This is a sound move in many ways, firstly, this new-found authenticity probably doubled the market for the films, casting the net wider and catching potentially from both grindhouse and samurai-fan markets, as even chanbara geeks desperate for the material in its natural format would probably lower themselves, however begrudgingly, to picking these up. Secondly, the shifting of the character from Yagyu Retsudo to the shogun worked in Shogun Assassin (well sort of, you need to remember public knowledge of Japan was minimal when it was released in 1980) because the stitching together of two of the more creatively violent entries in the series (no surprises they were both Kenji Misumi entries) made it seem like a marathon of slaughter, a man hounded by an enemy whose tentacles reached everywhere. Now the longer, more contemplative sequences are kept, the sense of time is markedly apparent, and the move from a political figure attacking through pawns, lurking in the shadows, to an all powerful ruler doing the same would make the latter seem kind of impotent in comparison. In the pauses, you'd question why a shogun couldn't just martial an entire army.

    It's strange to see anything bearing the name Shogun Assassin, with an English dub, that doesn't have a synth score attached; it was an iconic selling point of the original and one reason I rate it so highly. It added a strange atmosphere that detached it from the Lone Wolf and Cub series to some extent, when put alongside the narration it gave Houston's work enough of a sidestep to gain its own fandom. Perhaps it wouldn't have worked here, without the cramming of action from two revenge tales into one to liven up the pace to a steady trot. Silence underpins everything these films are about in their truest form, but that raises the issue, are these even close to that? The dub may not seem like much of a concession, but believe me, it can be massively disconcerting.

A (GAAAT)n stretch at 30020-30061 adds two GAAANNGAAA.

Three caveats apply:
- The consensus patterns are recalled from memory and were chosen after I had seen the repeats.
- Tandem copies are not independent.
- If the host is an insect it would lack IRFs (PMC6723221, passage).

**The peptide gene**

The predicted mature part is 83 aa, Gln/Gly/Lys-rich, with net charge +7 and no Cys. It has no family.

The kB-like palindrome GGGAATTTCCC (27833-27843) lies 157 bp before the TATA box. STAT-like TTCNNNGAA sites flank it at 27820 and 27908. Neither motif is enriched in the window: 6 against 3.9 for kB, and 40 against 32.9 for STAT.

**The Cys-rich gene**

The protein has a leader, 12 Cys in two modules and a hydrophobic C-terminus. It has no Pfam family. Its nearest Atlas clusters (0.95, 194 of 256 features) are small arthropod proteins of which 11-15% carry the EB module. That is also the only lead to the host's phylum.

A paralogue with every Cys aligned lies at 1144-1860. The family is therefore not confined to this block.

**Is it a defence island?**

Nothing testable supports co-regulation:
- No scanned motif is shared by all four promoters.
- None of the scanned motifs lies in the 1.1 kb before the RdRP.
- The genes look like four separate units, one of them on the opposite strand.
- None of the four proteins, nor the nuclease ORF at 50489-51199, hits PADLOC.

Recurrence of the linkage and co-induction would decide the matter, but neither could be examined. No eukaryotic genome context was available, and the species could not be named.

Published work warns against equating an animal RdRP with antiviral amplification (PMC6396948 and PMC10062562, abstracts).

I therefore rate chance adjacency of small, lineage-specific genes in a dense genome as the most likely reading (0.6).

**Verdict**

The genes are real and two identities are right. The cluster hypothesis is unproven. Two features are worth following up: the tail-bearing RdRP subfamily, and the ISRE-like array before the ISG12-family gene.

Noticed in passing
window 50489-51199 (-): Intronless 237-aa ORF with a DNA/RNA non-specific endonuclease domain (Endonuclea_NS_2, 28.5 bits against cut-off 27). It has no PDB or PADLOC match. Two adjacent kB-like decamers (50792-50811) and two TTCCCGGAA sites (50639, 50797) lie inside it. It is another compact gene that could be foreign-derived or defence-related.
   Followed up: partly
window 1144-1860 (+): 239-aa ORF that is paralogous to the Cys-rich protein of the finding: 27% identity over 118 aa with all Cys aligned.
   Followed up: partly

You can't keep good material down though, and for all my gripes, I loved the original films enough to be swept along with the stories, and more importantly action, once again. Without the heavy editing, reducing the plots of Sword of Vengeance and Babycart at the River Styx to a palatable US/European friendly genre flick, Lightning Swords of Death et al hold onto enough, even through the mire of the dub, to show off their ruthless atmosphere. Ogami Itto dwells, as he should do, in a haze of moral ambiguity, and assassinations don't necessarily have to be as cut-and-dried in their straightforward good vs evil nature. Clan politics, greed, power and overtones that are distinctly Japanese ooze through the dubbed façade of these amalgamated beasts; the thread of an assassin for hire in a land still largely steeped in feudalism, unapologetic for the deeds he'll commit in this harsh reality and wandering a lonely path to hell, trying to attain a state of nothingness.

    That is what the Lone Wolf and Cub manga, films and TV series were all about, to varying degrees, and the vestiges of that aura, the cold emotionless hyper-violence and air of detached unsympathetic nihilism make these films, though dubbed, nay bastardised, still worthy of a watch. However, once the originals are out on Blu, they can't claim to be entirely distinct creations as Shogun Assassin can, as such you'll probably not go back to them other than for pure kitsch value, they lack that same mixture that allowed the first film to evolve as a guilty pleasure companion piece and stand in its own right. These sequels are what they always were: films leeching their reputation off the work of others, free-loading their way on the back of superior source material.

    Score - 5